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Arizona’s Hispanic population has nearly tripled since 1990 and accrued an estimated spending power of about $40.3 billion this year alone, but the state’s economy will not advance if education does not improve for this growing group, Arizona State University’s president told the annual DATOS conference Wednesday.
Michael M. Crow delivered the keynote address at the Arizona Biltmore in Phoenix to more than 1,000 Latino business and community leaders attending the Arizona Hispanic Chamber of Commerce’s 19th Annual “DATOS: The State of Arizona’s Hispanic Market.”
He hailed Hispanic Americans for having the highest aspiration of achieving the “American dream” among all ethnic groups. But nationally only 15 percent have graduated from college — considered a crucial determinant of upward mobility — and their incomes remain significantly below average.
“The one thing we need to focus our energy on is the educational attainment of all people, and in particular people of Latino descent,” Crow said. “Our economic success will depend on the realization of the American dream for all ethnic groups. If you have that aspiration energizing large parts of your population, there’s nothing you cannot achieve.”
Addressing the Hispanic education gap is not just about social justice, democracy or equal opportunity, but about Arizona’s “economic imperative,” he said. Compared with other states, Arizona is lagging and trending downward, now below the 80th percentile, in per capita gross domestic product relative to the U.S. average, while other states such as Texas, Colorado and Utah are climbing.
“We used to be historically at the national average or above it,” Crow said about Arizona’s GDP and low postsecondary-education enrollment rate, fifth lowest in the nation. “This is a function of one thing, educational attainment.”
A report by the Georgetown University Center on Education and the Workforce estimates that by 2020, 68 percent of all Arizona jobs will require postsecondary education. That estimate contemplates a 100 percent graduation rate from high school followed by more education and training, said Crow.
“University degrees, community college degrees, technical degrees, completion of high school, mean only one thing,” Crow said. “You’re better prepared for adaptation with them, than without them.”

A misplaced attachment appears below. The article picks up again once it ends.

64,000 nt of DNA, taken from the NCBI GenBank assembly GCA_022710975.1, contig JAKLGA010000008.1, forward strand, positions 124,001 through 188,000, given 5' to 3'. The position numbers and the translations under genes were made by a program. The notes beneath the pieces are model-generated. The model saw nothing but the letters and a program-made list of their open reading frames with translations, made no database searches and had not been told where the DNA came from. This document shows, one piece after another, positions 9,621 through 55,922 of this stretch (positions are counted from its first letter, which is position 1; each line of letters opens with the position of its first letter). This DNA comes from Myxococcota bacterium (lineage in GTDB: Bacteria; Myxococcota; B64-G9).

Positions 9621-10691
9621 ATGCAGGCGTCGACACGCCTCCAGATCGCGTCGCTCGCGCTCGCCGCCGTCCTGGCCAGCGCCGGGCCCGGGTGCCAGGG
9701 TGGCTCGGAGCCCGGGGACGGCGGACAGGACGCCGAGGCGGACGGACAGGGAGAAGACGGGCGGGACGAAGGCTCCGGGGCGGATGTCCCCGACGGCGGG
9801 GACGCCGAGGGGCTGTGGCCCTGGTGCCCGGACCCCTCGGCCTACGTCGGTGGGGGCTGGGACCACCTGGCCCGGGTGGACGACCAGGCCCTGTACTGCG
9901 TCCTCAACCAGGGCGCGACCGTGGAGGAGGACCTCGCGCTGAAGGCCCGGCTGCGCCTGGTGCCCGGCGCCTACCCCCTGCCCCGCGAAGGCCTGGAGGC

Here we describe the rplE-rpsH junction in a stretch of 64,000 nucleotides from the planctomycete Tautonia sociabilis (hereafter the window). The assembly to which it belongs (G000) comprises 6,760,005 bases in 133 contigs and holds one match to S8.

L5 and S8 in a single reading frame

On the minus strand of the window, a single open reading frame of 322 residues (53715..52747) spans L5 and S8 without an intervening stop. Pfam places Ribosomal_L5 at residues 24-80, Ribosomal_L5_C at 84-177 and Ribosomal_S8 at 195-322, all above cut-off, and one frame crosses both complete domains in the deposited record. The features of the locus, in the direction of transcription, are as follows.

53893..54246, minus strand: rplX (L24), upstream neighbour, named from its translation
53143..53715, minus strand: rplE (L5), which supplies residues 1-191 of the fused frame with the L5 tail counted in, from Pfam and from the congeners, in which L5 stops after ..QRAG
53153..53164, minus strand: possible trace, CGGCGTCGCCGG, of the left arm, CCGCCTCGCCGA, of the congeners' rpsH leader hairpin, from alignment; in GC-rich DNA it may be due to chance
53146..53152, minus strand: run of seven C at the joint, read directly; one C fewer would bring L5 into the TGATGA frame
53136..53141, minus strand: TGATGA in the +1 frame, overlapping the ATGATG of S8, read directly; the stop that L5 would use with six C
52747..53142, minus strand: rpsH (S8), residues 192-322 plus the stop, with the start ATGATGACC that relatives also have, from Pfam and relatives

Crow said more jobs are available to those with education because they have a higher ability to adapt more quickly, think flexibly, learn more quickly and move their lives forward.
“This new kind of world and economy is not where only a few people go to college or a handful of people are selected for some unique kind of training … and everyone else is just left being paid minimum wage and doing repetitive tasks,” Crow said. “The new economy requires a new kind of university.”
The ASU model, known as the New American University , is about enhancing local impact in the community, Crow said. It’s about becoming a global center for knowledge and discovery. But it’s ultimately about the students.
“Our goal is to produce a master learner from any family, from any background, from any income level, who can be a critical thinker,” said Crow, while emphasizing that nearly 40 percent of ASU students are the first in their families to attend college. “Our goal is to be accessible and fantastically successful academically.”
The DATOS conference report, presented during the event, has become a “comprehensive and reliable source of fact-based information about the state’s Hispanic market,” according to the Arizona Hispanic Chamber of Commerce. The report is meant to serve not just Arizona Hispanics but all public and private contributors to the state’s economic agenda.
Loui Olivas, ASU professor emeritus of business management, presented the report to the audience and provided some eye-opening facts about the impact of the nation’s Hispanic purchasing power — estimated to reach $1.5 trillion this year.
“$1.5 trillion is comparable to the GDP of Australia,” Olivas said. “The GDP is the total of all goods and services produced in a country in one year, and the Hispanic purchasing power in the U.S. has already surpassed Australia.”
This year’s report also revealed that from 2007 to 2012 the number of Hispanic-owned businesses grew 70 percent to 89,763, and census data presented by AZHCC revealed that nearly half of these firms — 41,843 — are owned by Hispanic women.
“We know that Latinas are succeeding here, we know that they’re making a difference,” said Monica Villalobos, AZHCC vice president. “Despite political differences, despite economic differences and despite cultural differences, they’re thriving in Arizona and that’s a story we need to tell the rest of the country.”